5. In your photographs this “other” and unfamiliar, is not so devastating and catastrophic. In some analyses of your book it seems that your photographs are a metaphor of a man without orientation, oppressed by nature and by his nomadic refuge (in this case the hotel rooms). Maybe it’s true: your way to photograph nature is not a glorification of it. But there is a sort of hope that surrounds every moment of the book. Other Nature is very open to many interpretations, but which is your sincere point of view about this man’s condition? What do you think about this “terrifying” relationship between human beings and nature? Is it really that terrifying?

I’m glad you’re able to see the potential for a hopeful undercurrent to this work. A common misconception about this line of thinking is that it’s fraught with dread and cynicism—quite the contrary, in fact. The concept of Nothingness may potentially lead to despair, but not necessarily. It can also lead to a sense of freedom. Meaninglessness – or a lack of orientation, if I understand you correctly - can liberate you from the determinism (and false comfort) that comes with the notion of cosmic order.

I also agree with you that the work is open to different interpretations, and I don’t see that as a flaw or weakness of the book. As I already mentioned, my point of view is that the reduction of meaning that occurs in these pictures is not terrifying at all. But I also understand that what I intend and what other people glean from the work can be different things from different points of access. That’s okay. I don’t have explanatory texts in my books and exhibitions for the very reason of allowing multiple, equally valid interpretations. I’m also trying to create a specific world within the book, one that’s as much about a psychological state, or feeling or mood, or whatever you want to call it. If someone only experiences the book on that level, they’ve sufficiently tapped into what I’m after, and it doesn’t matter if they haven’t read Sartre. It’s unfortunate that we’ve come to the point where people think they need to be taught through academic essays how to look at and respond to works of art, and that their own visual literacy isn’t adequate for understanding something as democratic and accessible as a photograph.


6.Do you think that it is possible to combine the narrative, sequential aspect of the book with the ‘ontological sensation’ that the singular images transmit?

I hope so. When I’m editing a book or putting a show together, the same ideas about balancing epiphany and frustration are considered as when I’m shooting. Just as suggested narratives are allowed to fall away in the individual images, the same impulse can be satisfied through the rhythm of a sequence. This requires dozens of attempted edits before all the elements are in place and balanced. You’re not only looking at which image follows the last, you’re also looking at the overall arc of the book, and various digressions and subplots.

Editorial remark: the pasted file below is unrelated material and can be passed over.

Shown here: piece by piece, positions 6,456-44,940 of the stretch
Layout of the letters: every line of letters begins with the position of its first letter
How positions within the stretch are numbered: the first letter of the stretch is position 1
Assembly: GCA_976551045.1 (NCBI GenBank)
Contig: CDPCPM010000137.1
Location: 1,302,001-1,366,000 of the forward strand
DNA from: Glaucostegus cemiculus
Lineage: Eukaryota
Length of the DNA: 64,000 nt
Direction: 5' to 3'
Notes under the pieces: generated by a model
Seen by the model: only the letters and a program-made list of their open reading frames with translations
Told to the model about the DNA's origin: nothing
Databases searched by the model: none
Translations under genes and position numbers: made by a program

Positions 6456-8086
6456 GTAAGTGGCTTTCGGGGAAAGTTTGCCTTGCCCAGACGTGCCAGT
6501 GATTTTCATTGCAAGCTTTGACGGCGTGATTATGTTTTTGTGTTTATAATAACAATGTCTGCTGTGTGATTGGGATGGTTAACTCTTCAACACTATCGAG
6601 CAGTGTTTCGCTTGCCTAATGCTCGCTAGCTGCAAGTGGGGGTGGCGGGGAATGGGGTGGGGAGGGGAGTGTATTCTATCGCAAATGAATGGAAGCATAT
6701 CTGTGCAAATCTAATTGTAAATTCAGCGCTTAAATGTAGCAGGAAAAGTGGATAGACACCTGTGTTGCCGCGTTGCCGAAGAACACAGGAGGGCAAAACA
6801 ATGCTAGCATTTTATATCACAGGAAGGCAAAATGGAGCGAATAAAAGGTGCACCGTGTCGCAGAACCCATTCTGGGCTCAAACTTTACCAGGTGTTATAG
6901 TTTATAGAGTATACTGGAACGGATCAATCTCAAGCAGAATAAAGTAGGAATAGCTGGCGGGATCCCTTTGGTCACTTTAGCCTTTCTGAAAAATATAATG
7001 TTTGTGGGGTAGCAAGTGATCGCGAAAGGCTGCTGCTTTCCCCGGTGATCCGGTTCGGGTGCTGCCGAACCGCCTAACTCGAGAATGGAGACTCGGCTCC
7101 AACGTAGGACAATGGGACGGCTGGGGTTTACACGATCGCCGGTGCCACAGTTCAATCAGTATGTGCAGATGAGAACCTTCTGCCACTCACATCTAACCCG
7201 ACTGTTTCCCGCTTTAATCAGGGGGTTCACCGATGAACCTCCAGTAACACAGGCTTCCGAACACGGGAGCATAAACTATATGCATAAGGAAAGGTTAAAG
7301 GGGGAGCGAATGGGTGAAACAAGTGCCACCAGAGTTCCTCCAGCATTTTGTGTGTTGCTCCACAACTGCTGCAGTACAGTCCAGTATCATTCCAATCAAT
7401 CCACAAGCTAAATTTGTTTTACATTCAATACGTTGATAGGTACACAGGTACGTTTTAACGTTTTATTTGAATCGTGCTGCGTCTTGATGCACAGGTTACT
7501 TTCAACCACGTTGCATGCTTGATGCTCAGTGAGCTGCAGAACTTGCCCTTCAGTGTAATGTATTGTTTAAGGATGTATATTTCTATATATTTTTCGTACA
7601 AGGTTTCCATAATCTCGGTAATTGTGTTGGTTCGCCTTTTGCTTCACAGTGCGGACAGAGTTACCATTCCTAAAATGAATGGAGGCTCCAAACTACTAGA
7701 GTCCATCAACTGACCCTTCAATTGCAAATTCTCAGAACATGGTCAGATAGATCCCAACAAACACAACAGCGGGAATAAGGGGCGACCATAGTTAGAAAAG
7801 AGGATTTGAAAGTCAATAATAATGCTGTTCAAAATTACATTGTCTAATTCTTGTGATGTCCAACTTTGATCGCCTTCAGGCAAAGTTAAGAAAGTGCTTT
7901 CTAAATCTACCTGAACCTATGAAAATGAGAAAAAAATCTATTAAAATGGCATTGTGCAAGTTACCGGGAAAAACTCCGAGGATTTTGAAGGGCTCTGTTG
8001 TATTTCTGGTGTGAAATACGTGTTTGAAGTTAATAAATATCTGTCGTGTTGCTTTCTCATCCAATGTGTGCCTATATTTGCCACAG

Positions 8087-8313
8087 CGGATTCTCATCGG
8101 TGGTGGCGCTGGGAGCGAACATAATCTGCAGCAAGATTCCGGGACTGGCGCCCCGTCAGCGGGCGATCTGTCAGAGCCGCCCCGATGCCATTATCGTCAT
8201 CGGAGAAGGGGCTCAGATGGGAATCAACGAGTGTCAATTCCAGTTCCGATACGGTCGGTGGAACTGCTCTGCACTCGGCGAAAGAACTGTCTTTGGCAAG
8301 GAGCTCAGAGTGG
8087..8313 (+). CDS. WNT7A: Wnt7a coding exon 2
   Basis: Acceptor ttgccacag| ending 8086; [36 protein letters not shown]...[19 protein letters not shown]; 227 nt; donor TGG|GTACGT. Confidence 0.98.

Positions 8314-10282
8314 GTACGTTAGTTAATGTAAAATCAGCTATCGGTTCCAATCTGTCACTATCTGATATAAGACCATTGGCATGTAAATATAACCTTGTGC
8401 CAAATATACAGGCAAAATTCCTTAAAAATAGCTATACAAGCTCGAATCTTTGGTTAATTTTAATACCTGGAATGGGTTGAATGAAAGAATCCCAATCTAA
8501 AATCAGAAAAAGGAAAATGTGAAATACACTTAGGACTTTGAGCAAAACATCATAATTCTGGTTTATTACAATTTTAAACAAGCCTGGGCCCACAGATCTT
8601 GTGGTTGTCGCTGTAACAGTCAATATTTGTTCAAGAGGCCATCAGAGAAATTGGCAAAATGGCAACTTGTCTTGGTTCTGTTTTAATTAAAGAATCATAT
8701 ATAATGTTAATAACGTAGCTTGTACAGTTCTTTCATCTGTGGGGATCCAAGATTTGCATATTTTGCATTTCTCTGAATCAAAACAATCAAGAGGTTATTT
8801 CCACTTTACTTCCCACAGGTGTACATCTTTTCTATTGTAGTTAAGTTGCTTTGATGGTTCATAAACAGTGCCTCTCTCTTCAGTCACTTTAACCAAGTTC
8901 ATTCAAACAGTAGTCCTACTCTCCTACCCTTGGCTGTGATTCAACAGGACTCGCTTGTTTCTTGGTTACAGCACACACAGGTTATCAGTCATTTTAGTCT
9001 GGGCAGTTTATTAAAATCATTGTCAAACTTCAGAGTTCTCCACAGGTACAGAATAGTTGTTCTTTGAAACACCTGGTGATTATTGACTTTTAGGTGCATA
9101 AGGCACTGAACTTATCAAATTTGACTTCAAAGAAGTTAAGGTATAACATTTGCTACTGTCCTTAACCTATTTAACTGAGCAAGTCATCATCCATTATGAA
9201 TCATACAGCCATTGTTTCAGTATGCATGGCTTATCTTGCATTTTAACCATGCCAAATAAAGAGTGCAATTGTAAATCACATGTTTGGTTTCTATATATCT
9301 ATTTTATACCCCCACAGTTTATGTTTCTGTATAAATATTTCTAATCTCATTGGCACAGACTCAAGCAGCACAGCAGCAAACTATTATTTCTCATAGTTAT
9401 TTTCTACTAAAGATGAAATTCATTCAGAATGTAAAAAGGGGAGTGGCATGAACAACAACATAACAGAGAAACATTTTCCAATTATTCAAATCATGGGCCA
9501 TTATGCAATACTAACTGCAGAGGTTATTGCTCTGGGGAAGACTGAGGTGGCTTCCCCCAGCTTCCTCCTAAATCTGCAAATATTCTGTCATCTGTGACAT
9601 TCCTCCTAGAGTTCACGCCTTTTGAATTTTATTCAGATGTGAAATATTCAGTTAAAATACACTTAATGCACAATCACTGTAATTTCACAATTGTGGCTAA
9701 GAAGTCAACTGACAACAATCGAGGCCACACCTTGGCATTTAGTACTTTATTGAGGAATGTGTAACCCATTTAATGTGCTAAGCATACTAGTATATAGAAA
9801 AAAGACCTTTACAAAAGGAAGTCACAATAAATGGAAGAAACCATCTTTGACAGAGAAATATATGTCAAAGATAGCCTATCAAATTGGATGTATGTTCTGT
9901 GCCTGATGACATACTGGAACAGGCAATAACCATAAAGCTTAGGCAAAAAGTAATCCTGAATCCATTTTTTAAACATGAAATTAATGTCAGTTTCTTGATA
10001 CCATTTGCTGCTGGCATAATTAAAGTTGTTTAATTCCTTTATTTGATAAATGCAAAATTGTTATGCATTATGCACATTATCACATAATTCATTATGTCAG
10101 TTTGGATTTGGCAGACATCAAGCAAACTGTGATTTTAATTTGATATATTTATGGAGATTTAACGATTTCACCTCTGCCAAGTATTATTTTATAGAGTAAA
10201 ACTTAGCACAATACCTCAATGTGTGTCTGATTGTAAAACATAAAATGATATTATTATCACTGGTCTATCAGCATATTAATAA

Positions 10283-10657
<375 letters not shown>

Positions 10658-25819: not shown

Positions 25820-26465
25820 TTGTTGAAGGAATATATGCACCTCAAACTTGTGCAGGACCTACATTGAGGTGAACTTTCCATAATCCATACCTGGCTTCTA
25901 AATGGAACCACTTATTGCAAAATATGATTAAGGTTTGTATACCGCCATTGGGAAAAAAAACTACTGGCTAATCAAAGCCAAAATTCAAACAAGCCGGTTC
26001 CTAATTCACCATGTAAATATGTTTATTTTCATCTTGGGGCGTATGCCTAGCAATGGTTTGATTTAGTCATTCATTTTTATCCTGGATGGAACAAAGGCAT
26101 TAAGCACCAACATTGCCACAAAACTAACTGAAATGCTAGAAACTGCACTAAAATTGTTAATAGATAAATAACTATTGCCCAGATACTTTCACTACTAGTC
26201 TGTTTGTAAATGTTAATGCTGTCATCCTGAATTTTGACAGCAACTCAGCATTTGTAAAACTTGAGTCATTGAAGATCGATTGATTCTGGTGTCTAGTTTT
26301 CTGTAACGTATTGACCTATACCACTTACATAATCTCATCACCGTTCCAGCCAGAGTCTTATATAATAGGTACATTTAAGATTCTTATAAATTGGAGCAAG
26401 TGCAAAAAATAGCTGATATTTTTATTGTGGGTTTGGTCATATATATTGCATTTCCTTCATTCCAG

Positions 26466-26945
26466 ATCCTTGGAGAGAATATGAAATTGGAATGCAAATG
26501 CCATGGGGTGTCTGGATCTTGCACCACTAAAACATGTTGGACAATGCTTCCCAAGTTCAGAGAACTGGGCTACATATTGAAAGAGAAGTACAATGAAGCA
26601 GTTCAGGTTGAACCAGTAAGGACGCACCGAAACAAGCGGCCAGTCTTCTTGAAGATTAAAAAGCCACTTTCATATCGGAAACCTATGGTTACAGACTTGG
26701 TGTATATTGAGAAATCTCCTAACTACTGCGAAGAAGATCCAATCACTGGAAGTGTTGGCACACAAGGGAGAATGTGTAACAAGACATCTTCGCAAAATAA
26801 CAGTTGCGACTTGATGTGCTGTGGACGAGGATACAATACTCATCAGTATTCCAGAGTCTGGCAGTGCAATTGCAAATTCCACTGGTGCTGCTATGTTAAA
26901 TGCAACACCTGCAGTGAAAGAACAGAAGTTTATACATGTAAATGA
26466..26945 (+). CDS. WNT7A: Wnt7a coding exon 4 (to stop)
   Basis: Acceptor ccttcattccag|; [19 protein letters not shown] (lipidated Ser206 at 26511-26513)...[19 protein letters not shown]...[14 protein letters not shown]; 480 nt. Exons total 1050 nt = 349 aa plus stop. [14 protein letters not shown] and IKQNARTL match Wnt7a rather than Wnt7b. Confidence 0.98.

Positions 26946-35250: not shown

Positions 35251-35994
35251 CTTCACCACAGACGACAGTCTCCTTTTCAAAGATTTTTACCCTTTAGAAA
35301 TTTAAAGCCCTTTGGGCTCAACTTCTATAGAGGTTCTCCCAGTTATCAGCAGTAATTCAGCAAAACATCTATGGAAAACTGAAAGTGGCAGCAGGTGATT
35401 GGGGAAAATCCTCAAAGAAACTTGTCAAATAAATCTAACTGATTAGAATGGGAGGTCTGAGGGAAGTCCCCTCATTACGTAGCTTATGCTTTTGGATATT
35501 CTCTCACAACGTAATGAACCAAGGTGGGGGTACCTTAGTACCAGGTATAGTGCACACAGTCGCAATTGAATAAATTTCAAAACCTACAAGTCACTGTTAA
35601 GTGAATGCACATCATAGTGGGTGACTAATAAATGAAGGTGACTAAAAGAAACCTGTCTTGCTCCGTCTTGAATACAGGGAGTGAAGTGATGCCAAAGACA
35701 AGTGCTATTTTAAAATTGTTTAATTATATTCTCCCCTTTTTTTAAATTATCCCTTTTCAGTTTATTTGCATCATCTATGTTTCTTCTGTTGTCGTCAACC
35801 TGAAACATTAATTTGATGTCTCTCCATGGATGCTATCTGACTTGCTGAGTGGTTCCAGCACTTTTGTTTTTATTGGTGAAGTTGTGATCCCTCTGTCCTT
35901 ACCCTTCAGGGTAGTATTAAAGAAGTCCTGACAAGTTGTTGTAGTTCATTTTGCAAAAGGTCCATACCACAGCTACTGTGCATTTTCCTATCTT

© Ron Jude, Gallup, NM, 2007


© Ron Jude, Ithaca, NY, 2002


7. You’ve said that only a few of the original photographs made the cut for the final sequence. Could you tell us a little about the editing process for “Other Nature”?

I worked on this project off and on from late-1999 through 2008. This yielded hundreds of photographs, and from those, probably 60 or 70 usable images. In putting the book together, I started with a pool of a dozen or so photographs that I really wanted to make the cut, for one reason or another. Then, using those images as building blocks, I tried to construct something coherent yet non-linear, that didn’t have redundancies. (I draw a distinction between echoes and redundancies.) There was a fair amount of logic that went into this process, but there was an equal amount of intuitive selection and exclusion that I had to trust. Inevitably, I had to make some tough choices. There were images that I was really attached to, but ultimately just didn’t support the overall flow and arc of the book. There are several that come to mind that I had to sacrifice.

I should mention and give credit to my wife, Danielle Mericle, and my publishers, Mike Slack and Tricia Gabriel at The Ice Plant, who thoroughly understood what I wanted to accomplish, and helped me tighten-up the book edit without compromising the overall tone. Their input was invaluable.

When I start shooting a project, it’s like I’m trying to learn a new language. It’s exhilarating, but I feel ill-equipped most of the time. When I start working on a book, it’s sort of the same feeling, but at least I have a finite amount of raw material with which to work, and I have the benefit of hindsight—I already know what I’m after. It’s at that stage when I’m then trying to form coherent thoughts and utterances with the language I’ve just learned. I mumble a lot, but if you pay attention and listen closely, hopefully you can hear what I’m trying to say.


Interview by Daniel Augschöll and Anya Jasbär